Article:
When you are delivering on-site or online speech therapy or any remote therapy for that matter, it is essential to set appropriate goals for your student’s Individualized Education Program (IEP) on an annual basis.
Setting well-thought-out IEP goals promotes the likelihood for any child with a disability to be successful and become more integrated into the mainstream. Equally important is to track the child’s progress accurately, to assure that the child is succeeding.
This may appear to be a daunting task; knowing the student’s baseline, understanding how the student learns and processes new information, monitoring the goals over time, and then determining if the child has mastered the goal.
A team, including parents, the principal, therapists, teachers, and even the school nurse is required to establish these goals. Every student’s IEP is unique and will serve as the roadmap for that child’s therapeutic journey, to achieve the most success possible in the school setting.
And the IEP will change from year to year. Setting new IEP goals is vital to a child’s growth and success. Special Education students are mandated under their IEP to have goals specific to their disability needs, abilities, and behaviors. Your student’s road to success will be directed by daily instruction based on your IEP goals.
Parents Are a Crucial Ally
Before drafting initial IEP goals for each student, you must include a case history review or interview with the student’s parents. Parents play a vital role in both their child’s education and therapy, and integrating the parent’s concerns will be instrumental in setting realistic goals for the child’s growth.
While parents or guardians, by law, must be equal partners in their child’s IEP, including them is far more than a legal technicality. Aside from providing critical insight, they can be the source of valuable information along the way, as their child works toward fulfilling IEP goals. Involved parents can help you better understand the student’s strengths, challenges, and overall learning style.d
Being SMART is Your Key to Success
SMART is short for Specific, Measurable, Attainable, Results-Oriented and Time-Bound
You must establish goals that are very specific to a subject or skill. Without being specific or providing enough detail a goal could easily fail or be meaningless.
Every goal must be measurable in some tangible way; this can be accomplished with a data chart, curriculum based probes, and/or tests to accurately measure progress.
Making the goal attainable is essential, since it can potentially increase the independence of the student. Alternatively, if the goal is beyond the child’s reach, the child could easily become discouraged in pursuing it.
Seeing results motivates the child to remain engaged and enthusiastic. It helps to begin small and build as the child progresses. The expectation of particular results can hold the IEP team accountable.
Goals are set to be accomplished within a clear-cut time frame. This could be a week, a month, three months, or a year. Structuring the goal within a time frame gives the child and team some coordinates within which to achieve.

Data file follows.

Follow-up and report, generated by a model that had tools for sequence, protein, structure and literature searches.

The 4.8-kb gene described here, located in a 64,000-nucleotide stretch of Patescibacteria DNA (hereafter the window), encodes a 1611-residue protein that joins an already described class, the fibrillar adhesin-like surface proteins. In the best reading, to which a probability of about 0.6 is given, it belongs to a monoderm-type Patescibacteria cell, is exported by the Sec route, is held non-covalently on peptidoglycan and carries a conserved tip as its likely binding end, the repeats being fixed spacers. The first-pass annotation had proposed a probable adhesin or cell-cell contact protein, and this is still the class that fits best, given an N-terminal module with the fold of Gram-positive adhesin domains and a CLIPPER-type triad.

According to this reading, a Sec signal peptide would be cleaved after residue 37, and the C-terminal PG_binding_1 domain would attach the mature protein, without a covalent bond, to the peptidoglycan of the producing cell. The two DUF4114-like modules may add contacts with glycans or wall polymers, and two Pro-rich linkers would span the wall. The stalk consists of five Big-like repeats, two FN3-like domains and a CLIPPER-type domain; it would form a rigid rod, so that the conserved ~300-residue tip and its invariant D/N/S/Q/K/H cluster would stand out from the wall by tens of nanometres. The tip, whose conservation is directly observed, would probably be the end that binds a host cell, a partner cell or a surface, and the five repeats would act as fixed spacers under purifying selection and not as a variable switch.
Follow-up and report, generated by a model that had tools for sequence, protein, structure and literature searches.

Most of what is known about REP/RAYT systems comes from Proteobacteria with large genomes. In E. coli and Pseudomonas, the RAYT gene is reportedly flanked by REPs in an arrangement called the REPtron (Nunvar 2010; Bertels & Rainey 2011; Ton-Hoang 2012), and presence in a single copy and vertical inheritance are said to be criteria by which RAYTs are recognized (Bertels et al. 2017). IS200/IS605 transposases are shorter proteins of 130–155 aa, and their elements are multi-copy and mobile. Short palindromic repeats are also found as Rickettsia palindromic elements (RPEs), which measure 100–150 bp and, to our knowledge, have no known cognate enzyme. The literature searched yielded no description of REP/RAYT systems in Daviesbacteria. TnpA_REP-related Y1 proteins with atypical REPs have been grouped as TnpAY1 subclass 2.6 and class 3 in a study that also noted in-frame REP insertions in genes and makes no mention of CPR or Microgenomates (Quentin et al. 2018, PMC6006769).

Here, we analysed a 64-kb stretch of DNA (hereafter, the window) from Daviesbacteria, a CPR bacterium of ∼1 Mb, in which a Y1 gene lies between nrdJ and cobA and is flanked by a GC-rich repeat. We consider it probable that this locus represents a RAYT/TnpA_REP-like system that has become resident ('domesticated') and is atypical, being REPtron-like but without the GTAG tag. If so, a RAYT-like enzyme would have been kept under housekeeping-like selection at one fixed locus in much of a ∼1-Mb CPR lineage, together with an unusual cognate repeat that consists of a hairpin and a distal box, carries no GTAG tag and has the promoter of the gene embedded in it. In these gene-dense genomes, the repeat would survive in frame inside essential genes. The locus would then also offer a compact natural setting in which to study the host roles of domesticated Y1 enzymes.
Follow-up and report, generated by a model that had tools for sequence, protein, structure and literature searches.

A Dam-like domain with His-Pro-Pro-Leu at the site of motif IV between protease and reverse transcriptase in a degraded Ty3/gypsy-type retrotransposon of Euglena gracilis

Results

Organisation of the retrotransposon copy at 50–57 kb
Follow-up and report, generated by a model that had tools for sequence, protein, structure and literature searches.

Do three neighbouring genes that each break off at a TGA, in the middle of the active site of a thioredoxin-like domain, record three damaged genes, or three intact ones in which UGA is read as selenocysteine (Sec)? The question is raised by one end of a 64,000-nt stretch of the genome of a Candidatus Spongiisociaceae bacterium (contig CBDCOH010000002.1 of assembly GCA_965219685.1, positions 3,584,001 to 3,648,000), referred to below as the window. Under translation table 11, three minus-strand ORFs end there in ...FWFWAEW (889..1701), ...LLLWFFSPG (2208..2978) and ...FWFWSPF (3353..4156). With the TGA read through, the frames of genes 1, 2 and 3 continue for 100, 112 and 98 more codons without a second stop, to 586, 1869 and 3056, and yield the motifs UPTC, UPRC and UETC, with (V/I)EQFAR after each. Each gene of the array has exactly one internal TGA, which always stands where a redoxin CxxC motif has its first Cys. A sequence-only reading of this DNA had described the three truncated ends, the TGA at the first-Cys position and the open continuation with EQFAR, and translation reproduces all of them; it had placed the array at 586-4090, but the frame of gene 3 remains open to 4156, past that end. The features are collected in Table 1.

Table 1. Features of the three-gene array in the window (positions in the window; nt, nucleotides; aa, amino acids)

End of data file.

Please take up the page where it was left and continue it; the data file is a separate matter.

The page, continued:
A Quick IEP Review: Your 12 Point Checklist
- Directly related to the student’s ability to participate in his/her school program
- A team process between disciplines to address the whole student
- To be monitored and assessed consistently (measurable) at defined intervals
- Designed to focus on expected growth within a one-year time interval
- Considering the best overall interests of the student (consensus of parents/guardians and professionals)
- Focused on what the student will do, not the therapist or staff
- Tailored to this particular student; one size fits none
- Formulated from a baseline level that includes the current level of performance
- Maximizing the growth of the child, while minimizing the number of goals
- Written using language that everyone understands, including parents/guardians
- Incorporating verbs that are measurable (can be seen, heard, or counted)
- Welcoming parent/guardian input, considering them equal participants
Make it Much Easier with Just a Few Quick Clicks
Aside from setting appropriate goals for your student’s IEP, it is very important to utilize helpful resources in the process. Since you are responsible to adhere to state standards that may be subject to change, it behooves you to be aware of the current standards that you are required to implement into the IEP Plan.
It is helpful to create a resource binder for yourself, which could be either digital or hard copy, and fill it with articles, a goal bank to build from, lesson plans, state standards, and whatever else may be useful.
The references, tools, and resources listed below have proven to be invaluable to many, and are easily accessible to you with just a quick click.
- A Guide to the Individualized Education Program
- The IEP Process Explained
- Understanding the 13 Categories of Special Education
- Wrightslaw: information about special education law and advocacy for children with disabilities
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